Original Location: Belgium
During the restoration of the Pianella orchestrion by Art Reblitz (circa 1999), a number of small rectangular sections of yellowed business card were discovered in the machine. The card had been intentionally cut up and the tiny pieces used to aid in tuning several of the wooden violin and flute pipes. This was a common technique used by servicemen out in the field who were having trouble with hard to tune, unruly pipes. By pasting small sections of cardboard alongside the mouths of unstable pipes the tone could be made more steady, the pipe more or less being forced to speak correctly. Or a piece of card might be used to shade a pipe, changing its pitch for tuning. Oftentimes a loose or damaged tuning slide could be compensated for this way, making for an easy repair when the proper materials were not easily available.
Once the scattered bits of old business card were carefully pieced back together, and although it was still missing several small pieces, it could be seen that the card offered the services of Jules de Kezel, of Brussels, Belgium, who was in the business of repairing orchestrions and electric auto-pianos. Thus, it is very likely that the Model 15 Pianella was routinely serviced by Kezel. Moreover, it is also likely that the Pianella was located for at least the latter part of its commercial lifetime somewhere in or near Brussels, Belgium. Whether it was originally located in the Brussels area cannot be determined from the evidence at hand. It could have been located several places during is commercial lifetime, as it was not uncommon for large orchestrions to be replaced after many years service in one establishment, and then re-furbished and re-sold to another location.
The type of establishment using the instrument is also unknown. However, being that the instrument was originally equipped with a single roll mechanism suggests that it was used in a place where an attendant operated the orchestrion. This was a fairly common situation in restaurants and beer halls, especially in places were a dance venue was offered. In such a case, the machine would have been operated by an attendant, who was responsible for collecting money, issuing dance cards and playing the orchestrion. Being that this instrument was a fairly late model Philipps, without a roll changer, during the time when the "revolver-mechanik" was very popular and a regularly install option, points even more strongly to a dance hall type usage.
The Pianella Model 15 was found by Eugene DeRoy during his search for orchestrions from the mid 1960s to the early 1970s. Mr. DeRoy generally visited the countries of Belgium, Germany, and Holland, and maybe France, following up leads from his Symphonia Music Roll Company mailing list. Thus, his probable itinerary, coupled with the discovery of the Jules de Kezel (of Brussels, Belgium) business card, makes it very likely that the Pianella was discovered in or near Brussels, Belgium, which was a popular haunt for Mr. DeRoy.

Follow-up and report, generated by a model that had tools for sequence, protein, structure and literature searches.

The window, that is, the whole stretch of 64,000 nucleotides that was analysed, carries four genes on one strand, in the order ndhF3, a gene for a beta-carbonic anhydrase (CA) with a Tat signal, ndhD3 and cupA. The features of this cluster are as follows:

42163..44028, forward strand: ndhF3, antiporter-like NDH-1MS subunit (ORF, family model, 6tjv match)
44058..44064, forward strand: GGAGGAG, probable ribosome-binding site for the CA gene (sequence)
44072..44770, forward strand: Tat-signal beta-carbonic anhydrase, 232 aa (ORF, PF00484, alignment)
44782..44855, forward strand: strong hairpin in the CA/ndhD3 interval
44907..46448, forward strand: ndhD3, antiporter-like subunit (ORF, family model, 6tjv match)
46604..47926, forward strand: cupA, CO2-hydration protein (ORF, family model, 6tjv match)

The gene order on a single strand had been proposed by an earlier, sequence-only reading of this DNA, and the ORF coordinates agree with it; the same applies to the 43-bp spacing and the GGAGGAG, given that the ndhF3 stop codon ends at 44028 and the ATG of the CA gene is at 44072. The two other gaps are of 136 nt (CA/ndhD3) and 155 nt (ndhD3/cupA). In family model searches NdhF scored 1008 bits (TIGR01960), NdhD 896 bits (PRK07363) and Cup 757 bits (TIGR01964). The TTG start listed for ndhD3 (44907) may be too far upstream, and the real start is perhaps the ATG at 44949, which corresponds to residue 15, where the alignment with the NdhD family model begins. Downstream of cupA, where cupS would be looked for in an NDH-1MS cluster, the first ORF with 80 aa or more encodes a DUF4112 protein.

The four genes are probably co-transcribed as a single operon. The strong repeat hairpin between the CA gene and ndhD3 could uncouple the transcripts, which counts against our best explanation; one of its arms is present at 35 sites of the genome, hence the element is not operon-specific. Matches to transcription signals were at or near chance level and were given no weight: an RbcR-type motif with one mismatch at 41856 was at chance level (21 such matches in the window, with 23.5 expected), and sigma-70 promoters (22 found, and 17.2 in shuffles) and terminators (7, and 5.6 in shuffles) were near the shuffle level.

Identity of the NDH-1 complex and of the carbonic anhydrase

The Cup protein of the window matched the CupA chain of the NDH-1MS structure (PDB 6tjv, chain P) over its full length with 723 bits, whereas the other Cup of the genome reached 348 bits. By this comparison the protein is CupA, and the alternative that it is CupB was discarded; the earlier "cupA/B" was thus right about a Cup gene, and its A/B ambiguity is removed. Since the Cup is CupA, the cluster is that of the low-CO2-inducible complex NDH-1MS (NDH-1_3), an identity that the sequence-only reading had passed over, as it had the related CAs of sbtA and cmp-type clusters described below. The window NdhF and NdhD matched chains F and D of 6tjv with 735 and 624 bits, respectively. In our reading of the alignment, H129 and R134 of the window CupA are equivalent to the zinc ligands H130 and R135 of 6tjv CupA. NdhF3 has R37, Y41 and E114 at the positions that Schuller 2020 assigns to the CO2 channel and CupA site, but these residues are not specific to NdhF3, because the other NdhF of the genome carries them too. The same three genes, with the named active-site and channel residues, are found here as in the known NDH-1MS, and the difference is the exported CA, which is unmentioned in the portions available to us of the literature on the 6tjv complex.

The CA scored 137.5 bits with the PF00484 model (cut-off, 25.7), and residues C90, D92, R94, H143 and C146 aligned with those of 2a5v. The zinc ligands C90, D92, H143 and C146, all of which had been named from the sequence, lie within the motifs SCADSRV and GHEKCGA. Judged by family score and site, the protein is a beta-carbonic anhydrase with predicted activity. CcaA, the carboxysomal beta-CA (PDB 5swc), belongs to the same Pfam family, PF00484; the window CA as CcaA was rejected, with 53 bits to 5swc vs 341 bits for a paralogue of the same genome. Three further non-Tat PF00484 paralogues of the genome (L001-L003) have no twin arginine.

Roy Haning and Neal White bought the Pianella Model 15 from Eugene DeRoy circa 1968-1970. The instrument was never fully set up or restored, although the pipes were installed and the instrument and its case side-wings were stored along side each other.
The instrument, beautifully restored, set up and regulated during the latter part of 1999, is now on display as part of the Sanfilippo collection. Restoration was performed by Art Reblitz, Colorado Springs, Colorado. The original single roll mechanism was replaced with a Philipps 6-station roll changer, purchased separately from Roy Haning and Neal White, of Troy, Ohio.
Art Reblitz notes that in the split rank of 61 notes, the lowest 13 pipes, C-C are Fagott (Bassoon). The next 18 pipes pitched above the Fagott are stamped "Violoncello," and have wooden rollers. These lowest 31 pipes (Fagott plus Violoncello) play as one group from one ventil. The Fagott (Bassoon) boots are huge, compared to the smaller resonators, and are all of different sizes, implying that the enclosed air chamber surrounding the reed has as much to do with tonal development as does the resonator. The next ventil turns on the uppermost 30 pipes, which are violins with brass freins. Thus, the playing of this 61-note rank is controlled by two separate register controls.
The next rank of pipes contains 49 violins, with brass freins, and is operated by a single ventil.
The front rank of 30 pipes had been fitted with flute pipes from an orchestrion of unknown brand, and were replaced with copies of Philipps piccolo pipes made by John Nolte, which are the appropriate flute family voice for this instrument. The instrument contains a total of 140 pipes.
An oddity of this particular instrument is the arrangement of the trapwork, i.e., drums, triangle, castanets, et cetera. In earlier Pianella models most trapwork item have their own separate mounting structure, with self-contain valve actions for reiterating instruments like the snare drum, tambourine, triangle, and castanets. These individual units, located variously throughout the chassis and/or casework, are connected to the controlling valve unit by rubber tubing. However, in this later model Pianella the snare drum, tambourine, triangle, and castanet actions are an integral part of a single valve chest that stretches across the front of the upper shelf, located just in front of the xylophone. This control chest also includes the valves for the bass drum, cymbal, and tympani effects, as well as all the lock and cancel valves necessary to control the various playing registers or instrumental sounds for the Pianella.
Information provided Art Reblitz and Terry Hathaway.
Circa 1911/12 Philipps catalogue; and Art Reblitz.